Organizational Development Examples

WalkMe Team
By WalkMe Team
Updated June 12, 2024

Organizational development examples are a great way to understand the abstract field of organizational development. 

The key principle of OD is that business organizations are complex social creations that impact society in unpredictable ways. In the factories and workhouses of the Industrial Revolution, managers did not take much thought to this complexity. 

But in the twentieth century, things changed dramatically. Now, in the 2020s, organizations are more complicated than ever. Hierarchical relationships still matter. But employees expect a great deal from their employees – and ruling with authority is unpopular. 

When deploying any kind of change management project, small or large, organizational development examples help to make things happen. 

In this article, we will show you how while explaining the difference between organizational development and organizational change. We’ll briefly define organizational development, then offer key examples from the corporate world. Then, we’ll highlight the difference between organizational change and development.
In  2023, we are at a moment in which many employees are frustrated at the pace of change in their organizations. Using the right interventions is crucial to change success. Pay attention to these organizational development examples, and you are far more likely to be on the right path.

What are organizational development examples all about? 

In this article, the organizational development examples will be drawn from the specific field of organizational development. 

Organizational development (OD) is a planned approach to improving an organization’s effectiveness through specific interventions. It is a multidisciplinary field aimed at enhancing organizational performance, employee well-being, and overall effectiveness. 

At its core, organizational development aligns its culture, systems, and processes with the company’s strategic objectives, employee engagement, and culture. The practice of OD includes diagnosing organizational problems and challenges, designing interventions to address them, implementing change initiatives, and evaluating their impact.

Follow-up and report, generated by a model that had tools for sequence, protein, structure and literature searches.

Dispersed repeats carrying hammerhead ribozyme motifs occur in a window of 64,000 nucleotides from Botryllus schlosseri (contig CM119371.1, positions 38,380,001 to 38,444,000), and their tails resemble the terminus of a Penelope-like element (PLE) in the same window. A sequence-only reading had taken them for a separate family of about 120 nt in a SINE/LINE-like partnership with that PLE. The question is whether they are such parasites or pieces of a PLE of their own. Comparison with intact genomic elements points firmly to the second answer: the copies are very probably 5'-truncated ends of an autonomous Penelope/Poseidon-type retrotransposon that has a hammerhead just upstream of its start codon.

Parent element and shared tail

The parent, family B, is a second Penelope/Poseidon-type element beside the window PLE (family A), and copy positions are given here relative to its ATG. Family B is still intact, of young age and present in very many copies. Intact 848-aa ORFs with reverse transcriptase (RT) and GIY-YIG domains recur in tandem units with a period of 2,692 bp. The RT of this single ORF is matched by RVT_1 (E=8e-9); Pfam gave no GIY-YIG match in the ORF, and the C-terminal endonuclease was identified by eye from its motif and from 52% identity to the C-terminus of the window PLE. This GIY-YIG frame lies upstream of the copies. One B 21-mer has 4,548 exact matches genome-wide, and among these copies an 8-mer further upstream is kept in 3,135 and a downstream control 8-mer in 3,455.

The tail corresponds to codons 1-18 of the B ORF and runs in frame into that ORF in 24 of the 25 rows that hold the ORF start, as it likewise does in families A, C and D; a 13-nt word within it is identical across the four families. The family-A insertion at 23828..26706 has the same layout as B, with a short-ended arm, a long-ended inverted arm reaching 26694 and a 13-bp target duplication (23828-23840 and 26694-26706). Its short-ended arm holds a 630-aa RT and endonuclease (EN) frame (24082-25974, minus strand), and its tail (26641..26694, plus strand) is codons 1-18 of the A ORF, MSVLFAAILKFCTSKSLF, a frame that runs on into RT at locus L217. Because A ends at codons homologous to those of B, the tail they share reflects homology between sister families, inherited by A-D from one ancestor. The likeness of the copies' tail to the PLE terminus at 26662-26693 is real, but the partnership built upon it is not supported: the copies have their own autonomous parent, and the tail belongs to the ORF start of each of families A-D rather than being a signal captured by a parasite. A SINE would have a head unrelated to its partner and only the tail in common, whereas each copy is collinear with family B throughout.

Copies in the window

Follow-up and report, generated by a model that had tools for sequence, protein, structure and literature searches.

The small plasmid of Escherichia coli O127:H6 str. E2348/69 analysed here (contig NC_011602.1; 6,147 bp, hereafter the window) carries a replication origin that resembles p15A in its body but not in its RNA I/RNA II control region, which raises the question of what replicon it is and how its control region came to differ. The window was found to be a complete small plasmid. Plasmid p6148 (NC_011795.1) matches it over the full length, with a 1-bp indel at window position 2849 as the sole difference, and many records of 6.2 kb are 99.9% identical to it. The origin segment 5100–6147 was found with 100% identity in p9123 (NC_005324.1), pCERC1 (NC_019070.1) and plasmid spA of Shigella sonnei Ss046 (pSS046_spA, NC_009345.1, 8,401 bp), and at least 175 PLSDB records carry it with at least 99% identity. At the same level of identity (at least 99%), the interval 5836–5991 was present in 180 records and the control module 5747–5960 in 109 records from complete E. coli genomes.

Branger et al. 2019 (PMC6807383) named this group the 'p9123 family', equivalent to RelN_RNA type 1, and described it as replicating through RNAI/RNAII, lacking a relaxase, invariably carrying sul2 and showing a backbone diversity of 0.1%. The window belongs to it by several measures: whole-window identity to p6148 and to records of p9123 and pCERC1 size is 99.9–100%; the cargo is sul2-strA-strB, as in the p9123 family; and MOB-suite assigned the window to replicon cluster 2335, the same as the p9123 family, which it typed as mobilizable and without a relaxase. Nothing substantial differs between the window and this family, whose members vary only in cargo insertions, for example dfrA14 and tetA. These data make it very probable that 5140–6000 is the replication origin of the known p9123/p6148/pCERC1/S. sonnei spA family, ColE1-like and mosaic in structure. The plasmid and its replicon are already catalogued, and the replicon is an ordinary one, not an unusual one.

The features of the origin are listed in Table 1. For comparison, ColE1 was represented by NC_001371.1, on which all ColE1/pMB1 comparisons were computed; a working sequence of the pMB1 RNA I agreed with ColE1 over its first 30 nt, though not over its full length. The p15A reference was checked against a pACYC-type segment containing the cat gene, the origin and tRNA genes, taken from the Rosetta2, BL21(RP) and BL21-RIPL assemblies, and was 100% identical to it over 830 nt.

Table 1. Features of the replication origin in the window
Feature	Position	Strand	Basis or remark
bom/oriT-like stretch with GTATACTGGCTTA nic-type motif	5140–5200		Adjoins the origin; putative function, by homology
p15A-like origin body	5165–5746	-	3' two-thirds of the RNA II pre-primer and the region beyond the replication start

So, organizational development examples can include 

  • Case studies of successful change management 
  • How to design an appropriate intervention 
  • Organizational development interventions of any kind 
  • Explanations of relevant KPIs for OD interventions. 

We will cover some of these examples in this article.

Organizational Development Examples

Organizational Development Examples

Organizational development projects can include ongoing, long-term programs such as:

  • Employee training. Employee training is essential, especially in the digital business environment. Workers need to stay competent and productive. And, as lifelong learning becomes more of a reality, this means continual training initiatives.
  • Product research and development. The development of new services, products, and ideas can change the nature of a business. However, these programs often take years to come to fruition.
  • Cultural change campaigns. Culture matters – it affects an organization’s productivity, agility, performance, and many other things. Aligning culture with an organization’s mission is often a long-term, continual effort.

Now, let’s look at a few real-world organizational development examples:

  • Amazon’s recent initiative to retrain and upskill its employees. The online retail giant recently committed to spending $700 million on retraining its workers. This forward-thinking project will help its own employees stay resilient in the years to come. It will also help the business develop employee training programs that keep the company relevant, modern, and cutting-edge.
  • Google’s culture of learning. According to a former Google executive, a culture that emphasizes learning is important to long-term business growth. A culture of learning is essential for businesses that continually grow and transform, such as Google.